About the Practice

Farmers grow black gram and green manure plant kolunchi or Purple tephrosia (Tephrosia purpurea) together at the time of harvesting paddy. Once the paddy is harvested, the seeds germinate. As the black gram seed coat is not hard, it germinates earlier. Purple tephrosia seeds take longer time as their seed coat is very hard. After harvesting black gram, Purple tephrosia becomes the standing crop. Purple tephrosia can withstand drought conditions and animals do not feed on them. Later the purple tephrosia plant is ploughed in situ for manuring paddy. Sow black gram and green manure plant kolunchi or purple tephrosia (Tephrosia purpurea) together at the time of harvesting paddy.

About the Innovator

Knowledge Provider / Innovator: Dr S Murugan Dr D Bhaskaran, Tamil Nadu Veterinary University Thirunagar, Madurai
Agro-Ecological Zone: Madurai, Ramanathnpuram, Tirunelveli, Dindugal. Pudukkottai district excluding Aranthangi taluk
Address: Madurai Tamil Nadu
District: Madurai
State: Tamil Nadu
PIN Code 625005

Practice Details

Formulation: Black gram and green manure plant kolunchi or Purple tephrosia (Tephrosia purpurea)
Ingredients: The seeds of black gram and kolunchi or Purple tephrosia (Tephrosia purpurea) plant.

PAS 1:

"Soil organic matter and clay particles hold large stores of plant nutrients. These reservoirs, however, are not all available to the crop. In an organic crop rotation, the grower manages soil organic matter and nutrient availability by incorporating different crop residues, cycling among crops with different nutrient needs, using cover crops, and adding organic soil amendments. Most crops deplete soil nutrients during their growth cycle. Some of these nutrients leave the farm as harvested products, and the rest return to the soil as crop residues. The nutrients in residues may or may not be available to the next crop. Crop roots and residues improve soil fertility by stimulating soil microbial communities and improving soil aggregation. This improved soil physical environment facilitates water infiltration, water holding, aeration, and, ultimately, root growth and plant nutrient foraging. This section will review different ways that crop rotations affect soil fertility. [Crop Rotation Effects on Soil Fertility and Plant Nutrition"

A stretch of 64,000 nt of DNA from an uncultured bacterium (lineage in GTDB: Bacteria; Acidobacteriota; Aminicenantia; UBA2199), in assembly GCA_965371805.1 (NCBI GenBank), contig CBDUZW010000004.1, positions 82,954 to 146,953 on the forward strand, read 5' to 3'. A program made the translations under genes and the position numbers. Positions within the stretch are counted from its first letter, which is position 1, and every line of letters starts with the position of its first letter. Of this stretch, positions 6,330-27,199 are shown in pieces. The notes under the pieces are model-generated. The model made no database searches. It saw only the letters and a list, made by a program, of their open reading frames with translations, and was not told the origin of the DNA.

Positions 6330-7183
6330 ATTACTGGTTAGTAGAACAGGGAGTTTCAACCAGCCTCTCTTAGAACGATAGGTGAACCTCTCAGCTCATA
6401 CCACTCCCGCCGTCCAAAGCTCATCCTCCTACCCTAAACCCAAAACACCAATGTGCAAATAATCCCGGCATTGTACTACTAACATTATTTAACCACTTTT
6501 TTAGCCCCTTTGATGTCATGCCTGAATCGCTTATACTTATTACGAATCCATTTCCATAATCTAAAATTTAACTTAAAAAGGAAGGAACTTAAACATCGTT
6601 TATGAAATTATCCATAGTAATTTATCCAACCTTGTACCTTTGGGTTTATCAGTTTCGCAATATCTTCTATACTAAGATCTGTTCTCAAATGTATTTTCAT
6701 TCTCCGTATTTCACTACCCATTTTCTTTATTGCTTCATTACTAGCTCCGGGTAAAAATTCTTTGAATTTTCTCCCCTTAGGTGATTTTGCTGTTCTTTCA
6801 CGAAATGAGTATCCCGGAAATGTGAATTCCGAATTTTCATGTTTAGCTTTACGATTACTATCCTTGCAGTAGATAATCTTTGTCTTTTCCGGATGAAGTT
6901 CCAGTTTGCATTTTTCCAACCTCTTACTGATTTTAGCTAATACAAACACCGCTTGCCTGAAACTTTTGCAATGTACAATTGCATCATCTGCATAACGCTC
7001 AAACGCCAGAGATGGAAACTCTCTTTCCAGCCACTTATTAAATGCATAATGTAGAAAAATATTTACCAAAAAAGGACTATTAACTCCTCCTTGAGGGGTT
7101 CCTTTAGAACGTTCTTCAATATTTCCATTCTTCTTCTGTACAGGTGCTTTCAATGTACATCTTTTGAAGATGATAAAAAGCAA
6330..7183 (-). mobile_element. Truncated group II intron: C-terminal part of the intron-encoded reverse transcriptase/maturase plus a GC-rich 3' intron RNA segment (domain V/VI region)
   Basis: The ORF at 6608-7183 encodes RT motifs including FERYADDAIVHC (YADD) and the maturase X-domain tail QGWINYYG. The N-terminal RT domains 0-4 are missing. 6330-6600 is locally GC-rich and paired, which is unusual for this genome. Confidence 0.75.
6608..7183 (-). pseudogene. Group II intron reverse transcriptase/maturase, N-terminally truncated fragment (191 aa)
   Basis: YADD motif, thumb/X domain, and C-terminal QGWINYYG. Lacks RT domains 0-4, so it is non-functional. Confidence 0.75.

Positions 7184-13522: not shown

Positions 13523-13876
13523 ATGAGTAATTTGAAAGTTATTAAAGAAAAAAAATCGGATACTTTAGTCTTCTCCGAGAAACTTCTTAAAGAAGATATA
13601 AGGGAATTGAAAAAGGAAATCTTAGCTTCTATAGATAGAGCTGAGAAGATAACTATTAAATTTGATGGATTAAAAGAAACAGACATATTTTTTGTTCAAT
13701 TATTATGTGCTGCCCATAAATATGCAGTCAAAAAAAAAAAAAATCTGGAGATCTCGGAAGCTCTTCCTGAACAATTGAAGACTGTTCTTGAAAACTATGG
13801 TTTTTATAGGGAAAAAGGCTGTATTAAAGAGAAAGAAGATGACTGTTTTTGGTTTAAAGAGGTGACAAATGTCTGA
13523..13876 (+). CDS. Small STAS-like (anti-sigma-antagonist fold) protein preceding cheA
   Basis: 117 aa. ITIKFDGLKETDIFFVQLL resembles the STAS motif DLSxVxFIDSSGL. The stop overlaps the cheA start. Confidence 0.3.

https://www.sare.org/publications/crop-rotation-on-organic-farms/physical-and-biological-processes-in-crop-production/crop-rotation-effects-on-soil-fertility-and-plant-nutrition/ ]

GIAN Reference: GIAN/UAL/508 - Practice ID: KNW0010000000935

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